Former Lagos governor, Asiwaju Bola Tinubu has drawn a parallel between President Muhammadu Buhari’s time as a young military head of state and now that he is the president of the country.
The national leader of the All Progressives Congress, APC, pointed out that while Buhari was in a hurry as a military ruler in the 80’s, the president has become “slow but steady” in his approach to governance “now that he is older and given his experience”.
Tinubu stated this on Monday during the launch of a book — ‘Muhammadu Buhari: The Challenges of Leadership in Nigeria’, written by John Paden, a professor of international studies — at the International Conference Centre, Abuja.
Meanwhile at the event, which held at the International Conference Center, ICC, Abuja, dignitaries, including Oyegun and Tinubu, were invited to the podium for the presentation of the book.
With Oyegun on the far left, at least five persons separated him from Tinubu.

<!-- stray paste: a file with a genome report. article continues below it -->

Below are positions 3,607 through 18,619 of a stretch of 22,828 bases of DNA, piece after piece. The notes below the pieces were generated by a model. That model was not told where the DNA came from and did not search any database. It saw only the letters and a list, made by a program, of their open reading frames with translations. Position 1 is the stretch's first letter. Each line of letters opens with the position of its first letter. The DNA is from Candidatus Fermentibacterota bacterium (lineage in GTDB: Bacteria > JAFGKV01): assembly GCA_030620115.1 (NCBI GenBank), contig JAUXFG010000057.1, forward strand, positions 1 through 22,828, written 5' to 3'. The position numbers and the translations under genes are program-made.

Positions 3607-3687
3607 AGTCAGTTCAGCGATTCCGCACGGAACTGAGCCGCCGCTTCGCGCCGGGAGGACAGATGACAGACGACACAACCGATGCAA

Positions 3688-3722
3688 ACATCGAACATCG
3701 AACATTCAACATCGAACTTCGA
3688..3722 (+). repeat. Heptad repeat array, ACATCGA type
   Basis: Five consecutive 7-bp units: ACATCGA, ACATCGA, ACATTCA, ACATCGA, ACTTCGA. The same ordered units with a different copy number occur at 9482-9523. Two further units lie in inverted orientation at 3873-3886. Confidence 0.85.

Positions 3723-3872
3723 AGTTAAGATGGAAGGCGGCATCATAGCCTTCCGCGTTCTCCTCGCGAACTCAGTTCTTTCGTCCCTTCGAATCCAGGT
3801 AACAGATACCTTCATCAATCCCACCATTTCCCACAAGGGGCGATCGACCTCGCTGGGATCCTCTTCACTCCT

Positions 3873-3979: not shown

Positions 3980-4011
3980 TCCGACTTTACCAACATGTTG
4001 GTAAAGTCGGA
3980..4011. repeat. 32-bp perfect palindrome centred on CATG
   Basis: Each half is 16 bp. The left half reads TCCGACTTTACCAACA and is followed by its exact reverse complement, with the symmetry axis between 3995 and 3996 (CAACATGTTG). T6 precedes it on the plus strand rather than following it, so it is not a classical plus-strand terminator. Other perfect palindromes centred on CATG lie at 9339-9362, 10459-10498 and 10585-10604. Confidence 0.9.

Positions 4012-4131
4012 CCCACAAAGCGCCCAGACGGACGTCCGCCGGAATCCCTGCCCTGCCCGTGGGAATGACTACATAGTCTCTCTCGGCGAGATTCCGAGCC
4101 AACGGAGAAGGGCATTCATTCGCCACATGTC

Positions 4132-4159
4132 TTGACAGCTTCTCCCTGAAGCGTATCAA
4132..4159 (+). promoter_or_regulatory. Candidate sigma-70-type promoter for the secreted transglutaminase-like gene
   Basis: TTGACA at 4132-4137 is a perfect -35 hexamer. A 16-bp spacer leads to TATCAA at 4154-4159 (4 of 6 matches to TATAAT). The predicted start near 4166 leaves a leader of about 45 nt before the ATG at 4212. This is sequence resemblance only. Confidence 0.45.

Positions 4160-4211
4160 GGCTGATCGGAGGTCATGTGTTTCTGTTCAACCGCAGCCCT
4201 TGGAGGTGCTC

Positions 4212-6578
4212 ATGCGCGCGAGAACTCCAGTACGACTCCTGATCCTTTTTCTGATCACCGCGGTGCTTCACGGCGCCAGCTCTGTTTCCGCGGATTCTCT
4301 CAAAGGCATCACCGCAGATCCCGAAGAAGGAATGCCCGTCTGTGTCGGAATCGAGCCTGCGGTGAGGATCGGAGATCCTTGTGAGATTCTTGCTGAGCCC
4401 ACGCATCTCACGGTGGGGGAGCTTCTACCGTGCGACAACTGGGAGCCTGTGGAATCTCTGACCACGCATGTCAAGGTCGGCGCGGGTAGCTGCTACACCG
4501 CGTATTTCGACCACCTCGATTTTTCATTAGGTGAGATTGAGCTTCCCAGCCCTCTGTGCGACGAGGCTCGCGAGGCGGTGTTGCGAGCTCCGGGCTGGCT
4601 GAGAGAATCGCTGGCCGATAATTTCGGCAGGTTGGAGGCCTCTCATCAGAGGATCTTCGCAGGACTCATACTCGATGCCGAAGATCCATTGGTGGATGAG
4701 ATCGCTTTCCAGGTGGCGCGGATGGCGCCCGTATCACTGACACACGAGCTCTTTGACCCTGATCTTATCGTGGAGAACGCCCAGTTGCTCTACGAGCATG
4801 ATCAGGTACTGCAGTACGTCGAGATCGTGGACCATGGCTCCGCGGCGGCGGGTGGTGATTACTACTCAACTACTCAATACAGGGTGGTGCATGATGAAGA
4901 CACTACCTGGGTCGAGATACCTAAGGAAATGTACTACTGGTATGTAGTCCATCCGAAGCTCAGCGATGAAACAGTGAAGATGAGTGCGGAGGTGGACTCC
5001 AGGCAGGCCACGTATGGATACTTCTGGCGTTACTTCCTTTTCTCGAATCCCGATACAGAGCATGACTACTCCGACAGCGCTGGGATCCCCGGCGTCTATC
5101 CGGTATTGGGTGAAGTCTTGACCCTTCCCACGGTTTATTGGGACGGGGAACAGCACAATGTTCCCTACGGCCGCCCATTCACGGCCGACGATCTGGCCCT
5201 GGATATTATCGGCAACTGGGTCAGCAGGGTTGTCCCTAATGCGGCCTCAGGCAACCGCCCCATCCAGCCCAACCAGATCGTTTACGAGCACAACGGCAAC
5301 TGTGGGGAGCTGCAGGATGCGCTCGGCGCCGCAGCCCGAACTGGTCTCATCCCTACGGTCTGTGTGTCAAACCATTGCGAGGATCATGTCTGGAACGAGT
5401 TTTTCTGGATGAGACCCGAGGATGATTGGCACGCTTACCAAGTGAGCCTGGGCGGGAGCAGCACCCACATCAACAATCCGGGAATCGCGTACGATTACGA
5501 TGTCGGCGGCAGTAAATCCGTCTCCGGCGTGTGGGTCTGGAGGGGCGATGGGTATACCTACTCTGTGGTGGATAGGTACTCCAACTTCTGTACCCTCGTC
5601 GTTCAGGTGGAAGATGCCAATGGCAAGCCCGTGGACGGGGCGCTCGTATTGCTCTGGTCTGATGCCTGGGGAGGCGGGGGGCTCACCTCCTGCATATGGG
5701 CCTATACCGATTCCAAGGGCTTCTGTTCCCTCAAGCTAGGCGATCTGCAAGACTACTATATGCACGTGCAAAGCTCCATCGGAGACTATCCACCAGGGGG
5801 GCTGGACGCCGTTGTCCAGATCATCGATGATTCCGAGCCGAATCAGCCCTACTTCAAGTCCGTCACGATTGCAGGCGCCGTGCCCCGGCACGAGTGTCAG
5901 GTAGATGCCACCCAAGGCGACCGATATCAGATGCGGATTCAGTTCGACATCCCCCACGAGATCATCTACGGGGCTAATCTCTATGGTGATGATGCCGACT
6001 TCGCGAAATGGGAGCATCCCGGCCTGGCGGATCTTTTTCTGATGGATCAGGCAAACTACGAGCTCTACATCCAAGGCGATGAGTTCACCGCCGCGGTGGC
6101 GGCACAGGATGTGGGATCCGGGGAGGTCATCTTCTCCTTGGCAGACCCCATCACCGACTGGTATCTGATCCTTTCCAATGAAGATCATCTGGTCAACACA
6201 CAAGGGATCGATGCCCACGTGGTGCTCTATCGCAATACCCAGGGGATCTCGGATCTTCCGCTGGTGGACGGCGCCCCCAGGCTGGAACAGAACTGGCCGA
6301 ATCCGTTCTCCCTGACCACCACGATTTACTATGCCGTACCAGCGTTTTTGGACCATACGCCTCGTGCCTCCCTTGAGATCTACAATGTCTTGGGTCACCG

At the end of the presentation, the chairman walked past Tinubu before exchanging handshakes with other guests, including Yakubu Gowon, former head of state.
Recall that Oyegun had been asked by Tinubu to resign from his position, saying he working with anti-democratic forces within the party to scuttle the will of party members in Ondo State.
While pointing out that Paden succinctly explained the transition from the Buhari in uniform to one in civilian garb, Tinubu said; “he notes that in terms of style of leadership, Buhari as a young military head of state was in a hurry.
“However, now that he is older and given his experience, he is ‘slow but steady’ in his approach to governance.”
He went on to state that, “During the campaign, he (Buhari) surprised many by his agility and the broad canvas on which he operated.
“In tracing the evolution of Buhari, the national leader, the author’s assertion that military rule is based on the power its holders can wield, while civilian rule is based on the legitimacy derived from elections, is a point with which I dare not debate.
“Buhari’s career embodies this, hence his transition from being a military ruler to being a civilian leader, who subjected himself to the rigors and uncertainty of elections four times. Thrice he patiently went to court, seeking redress from electoral manipulation.
“The author, quite accurately, remarked on the Buhari victory equation, as flowing from Northern grassroots support and coalition-building with the South West as well as with other tendencies.”